Join us in the journey of #danielkickscancer… Today I’m sharing what chemo is like, how he’s doing, how to cultivating deeper friendships, and thoughts on honoring others.


I ain’t gonna lie. We’re getting mighty tired of all this. Just one more chemo after today… and then a few weeks break before beginning proton therapy.

Daniel and sister Kelsey

It’s nice to have his sister Kelsey home from college to experience the cancer/chemo journey with us. She’s a Strategic Communications major at Liberty University. Before she heads off to a summer internship in Puerto Rico, she’s working on a few videos about #danielkickscancer. She’s applying the info learned in her classes in making some videos about her brother’s cancer. You can watch #danielkickscancer  And a mock wedding one-song musical, filmed at MDAnderson Cancer Center (above), that uniquely celebrates the completion of Daniel’s twelfth and final chemo using props from his days in chemo. Seriously. You haven’t seen anything like it.


“How’s Daniel feeling?” 


He’s plumb tired. He’s weak, lacks energy, and is consistently slightly nauseous…but not enough for him to take the high dose medication they initially prescribed. He got headaches from that and doesn’t want any part of it. This fatigue has him going to bed before 9:00 and waking up after noon…and even napping throughout the day.

Chemo is exhausting


His oncologist, Dr. Zaiden, gave the results from his blood work. Daniel’s white blood cell count is verrry low. But surprisingly to us, he says no to boosting that count with a shot of Neulasta.

Oncology visit


Weak immune system. Daniel’s one who’s rarely sick. But, over the past few weeks he was been treated for strep throat twice. Once with Amoxicillin. Then later with a shot of Penicillin, leaving him with a pain in the rump. He also had a cold and sore throat from nasal drainage that his immune system just couldn’t whip.

Strep throat culture on cancer patient


Daniel has been under house arrest, living a quarantined life these days… and will continue to do so until a few weeks following the completion of all of his chemo infusions. He’s going stir crazy and the one thing he looks forward to most is playing soccer. But, alas, he’s too weak AND that’s played in a group, so it will have to wait.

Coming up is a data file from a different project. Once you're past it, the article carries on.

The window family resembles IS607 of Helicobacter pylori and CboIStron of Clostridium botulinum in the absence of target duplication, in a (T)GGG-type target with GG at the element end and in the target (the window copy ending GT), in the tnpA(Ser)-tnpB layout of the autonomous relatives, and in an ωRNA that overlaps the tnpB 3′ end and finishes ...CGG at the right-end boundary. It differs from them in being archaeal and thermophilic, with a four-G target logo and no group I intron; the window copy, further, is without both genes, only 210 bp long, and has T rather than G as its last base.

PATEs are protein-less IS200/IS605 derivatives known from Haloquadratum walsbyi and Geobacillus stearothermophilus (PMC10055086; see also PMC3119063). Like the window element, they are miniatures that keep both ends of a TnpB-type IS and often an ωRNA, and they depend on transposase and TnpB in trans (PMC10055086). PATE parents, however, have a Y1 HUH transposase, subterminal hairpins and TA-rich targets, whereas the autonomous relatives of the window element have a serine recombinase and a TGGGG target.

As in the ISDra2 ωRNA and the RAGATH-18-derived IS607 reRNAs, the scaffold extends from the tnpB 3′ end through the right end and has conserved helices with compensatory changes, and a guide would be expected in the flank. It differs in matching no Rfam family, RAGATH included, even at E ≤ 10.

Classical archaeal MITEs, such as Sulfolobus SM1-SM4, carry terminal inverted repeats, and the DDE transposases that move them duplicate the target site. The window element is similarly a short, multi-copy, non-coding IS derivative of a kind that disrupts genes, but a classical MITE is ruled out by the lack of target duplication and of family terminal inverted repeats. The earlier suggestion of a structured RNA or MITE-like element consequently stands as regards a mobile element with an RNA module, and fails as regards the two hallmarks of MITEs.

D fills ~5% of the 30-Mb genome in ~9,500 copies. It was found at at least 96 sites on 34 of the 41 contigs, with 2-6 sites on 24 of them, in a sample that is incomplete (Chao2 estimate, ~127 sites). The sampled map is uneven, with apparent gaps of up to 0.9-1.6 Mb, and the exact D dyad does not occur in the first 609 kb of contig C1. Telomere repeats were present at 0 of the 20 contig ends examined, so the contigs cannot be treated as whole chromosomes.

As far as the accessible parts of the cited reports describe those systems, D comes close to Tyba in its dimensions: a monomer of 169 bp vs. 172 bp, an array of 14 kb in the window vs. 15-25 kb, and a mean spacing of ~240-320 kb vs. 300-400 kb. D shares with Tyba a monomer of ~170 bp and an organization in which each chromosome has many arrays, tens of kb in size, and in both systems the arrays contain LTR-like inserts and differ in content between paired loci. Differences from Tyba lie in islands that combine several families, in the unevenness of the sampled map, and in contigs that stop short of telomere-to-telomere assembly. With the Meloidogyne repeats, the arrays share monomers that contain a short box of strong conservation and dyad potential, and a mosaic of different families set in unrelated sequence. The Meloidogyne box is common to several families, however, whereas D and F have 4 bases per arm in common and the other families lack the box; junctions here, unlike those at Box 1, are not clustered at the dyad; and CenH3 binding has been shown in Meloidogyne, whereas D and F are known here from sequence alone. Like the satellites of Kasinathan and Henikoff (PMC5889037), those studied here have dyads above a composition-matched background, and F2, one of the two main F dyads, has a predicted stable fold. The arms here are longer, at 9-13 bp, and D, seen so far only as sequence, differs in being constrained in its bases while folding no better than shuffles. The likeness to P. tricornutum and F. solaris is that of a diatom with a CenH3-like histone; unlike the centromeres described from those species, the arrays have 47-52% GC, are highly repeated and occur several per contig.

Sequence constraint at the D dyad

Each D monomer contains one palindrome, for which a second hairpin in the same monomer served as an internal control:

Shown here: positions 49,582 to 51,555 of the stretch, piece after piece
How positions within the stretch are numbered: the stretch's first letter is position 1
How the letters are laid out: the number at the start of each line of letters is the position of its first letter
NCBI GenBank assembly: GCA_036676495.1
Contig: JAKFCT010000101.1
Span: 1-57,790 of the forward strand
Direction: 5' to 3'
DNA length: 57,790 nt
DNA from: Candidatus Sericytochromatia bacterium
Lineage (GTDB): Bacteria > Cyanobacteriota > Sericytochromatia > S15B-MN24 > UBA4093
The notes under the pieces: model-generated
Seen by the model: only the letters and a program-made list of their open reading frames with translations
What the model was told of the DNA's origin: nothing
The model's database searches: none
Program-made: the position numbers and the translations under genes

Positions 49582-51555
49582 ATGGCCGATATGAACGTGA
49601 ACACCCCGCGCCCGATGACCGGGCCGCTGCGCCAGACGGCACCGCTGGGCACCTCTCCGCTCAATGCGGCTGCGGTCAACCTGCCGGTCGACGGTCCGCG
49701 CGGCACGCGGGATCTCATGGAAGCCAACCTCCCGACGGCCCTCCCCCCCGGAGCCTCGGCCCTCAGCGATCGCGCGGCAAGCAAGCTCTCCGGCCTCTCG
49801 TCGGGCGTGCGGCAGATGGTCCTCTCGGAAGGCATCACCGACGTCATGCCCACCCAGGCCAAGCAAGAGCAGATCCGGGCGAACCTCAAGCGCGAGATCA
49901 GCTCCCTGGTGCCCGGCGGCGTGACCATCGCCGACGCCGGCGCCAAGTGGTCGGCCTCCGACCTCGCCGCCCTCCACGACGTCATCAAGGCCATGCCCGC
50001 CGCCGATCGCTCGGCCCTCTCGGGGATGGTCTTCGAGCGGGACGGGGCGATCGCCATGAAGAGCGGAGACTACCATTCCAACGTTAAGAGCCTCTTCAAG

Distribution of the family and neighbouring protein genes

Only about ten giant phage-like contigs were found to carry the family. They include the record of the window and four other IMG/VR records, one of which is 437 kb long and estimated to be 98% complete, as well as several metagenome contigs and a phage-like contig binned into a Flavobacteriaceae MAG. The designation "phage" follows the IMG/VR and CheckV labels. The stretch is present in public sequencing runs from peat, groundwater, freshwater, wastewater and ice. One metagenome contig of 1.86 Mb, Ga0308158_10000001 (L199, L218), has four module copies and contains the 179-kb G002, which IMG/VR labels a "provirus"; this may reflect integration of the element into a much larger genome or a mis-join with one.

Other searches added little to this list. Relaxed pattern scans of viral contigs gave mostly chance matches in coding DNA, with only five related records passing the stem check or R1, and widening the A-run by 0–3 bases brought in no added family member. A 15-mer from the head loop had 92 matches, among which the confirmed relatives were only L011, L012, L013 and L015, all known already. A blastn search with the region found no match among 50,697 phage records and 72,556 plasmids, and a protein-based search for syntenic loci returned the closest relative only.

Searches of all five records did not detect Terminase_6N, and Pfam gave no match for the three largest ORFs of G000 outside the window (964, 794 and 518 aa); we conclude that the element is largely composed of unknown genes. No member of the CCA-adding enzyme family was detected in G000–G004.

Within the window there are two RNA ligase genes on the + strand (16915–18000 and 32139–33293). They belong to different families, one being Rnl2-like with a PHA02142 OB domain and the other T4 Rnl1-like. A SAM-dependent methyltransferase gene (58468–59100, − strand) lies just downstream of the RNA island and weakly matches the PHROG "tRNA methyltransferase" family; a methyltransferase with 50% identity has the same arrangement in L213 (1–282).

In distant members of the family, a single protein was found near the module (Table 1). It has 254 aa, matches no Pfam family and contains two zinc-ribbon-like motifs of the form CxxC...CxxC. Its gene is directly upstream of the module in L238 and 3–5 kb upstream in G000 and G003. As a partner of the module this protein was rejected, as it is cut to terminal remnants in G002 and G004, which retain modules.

His chemotherapy treatment is called ABVD, each initial representing a particular medication. His treatments last 4-6 hours and are every other Wednesday.. for six months.

ABVD chemo infusion treatment plan


Part of the “chemotherapy infusion” process is ensuring there is a good blood flow return. Daniel really appreciated the skill and efficiency of this nurse and the visit from his future father-in-law Sandy.

Getting a good blood flow return


The nurse (allow Nurse Rebecca to demonstrate) puts the saline in, flushes his port and then pulls back to see if “blood returns” out of the port. If there is NO blood return then the chemo could burn his skin if it’s not actually going into his bloodstream.

blood flow return


This time when his port was accessed he had sour gummy candy in his mouth to deter the onset of nausea triggered by the smell of the cleaning solution.

Swedish sour candy from our friends in Sweden help deter nausea during chemo


Our friends, Lance and Kathy, from Sweden, were in town visiting and gave it to us. We’ve practically cut out sugars and processed food from our diet, But this empty bag shows how much he enjoyed it.

long time friends


Throughout chemo -and for days after each chemo, he continuously spits into one of these bags. “It tastes like chemo,” is his best description. 

The smells and tastes while at chemo make him spit up.


Daniel enjoys visitors. Even if everyone’s doing their own thing or the room is completely silent. From left to right in this photo: Gabi’s dad. Gabi, Daniel’s fianćee, Daniel, sister Laura, me, Grandmom, sister Kelsey.

Chemo room


He appreciates his friends spending time with him. This is Nick, his college roommate. His mother is a great friend and fellow blogger. She and I drove to UF to make a meal for these two and their house of sixteen each semester.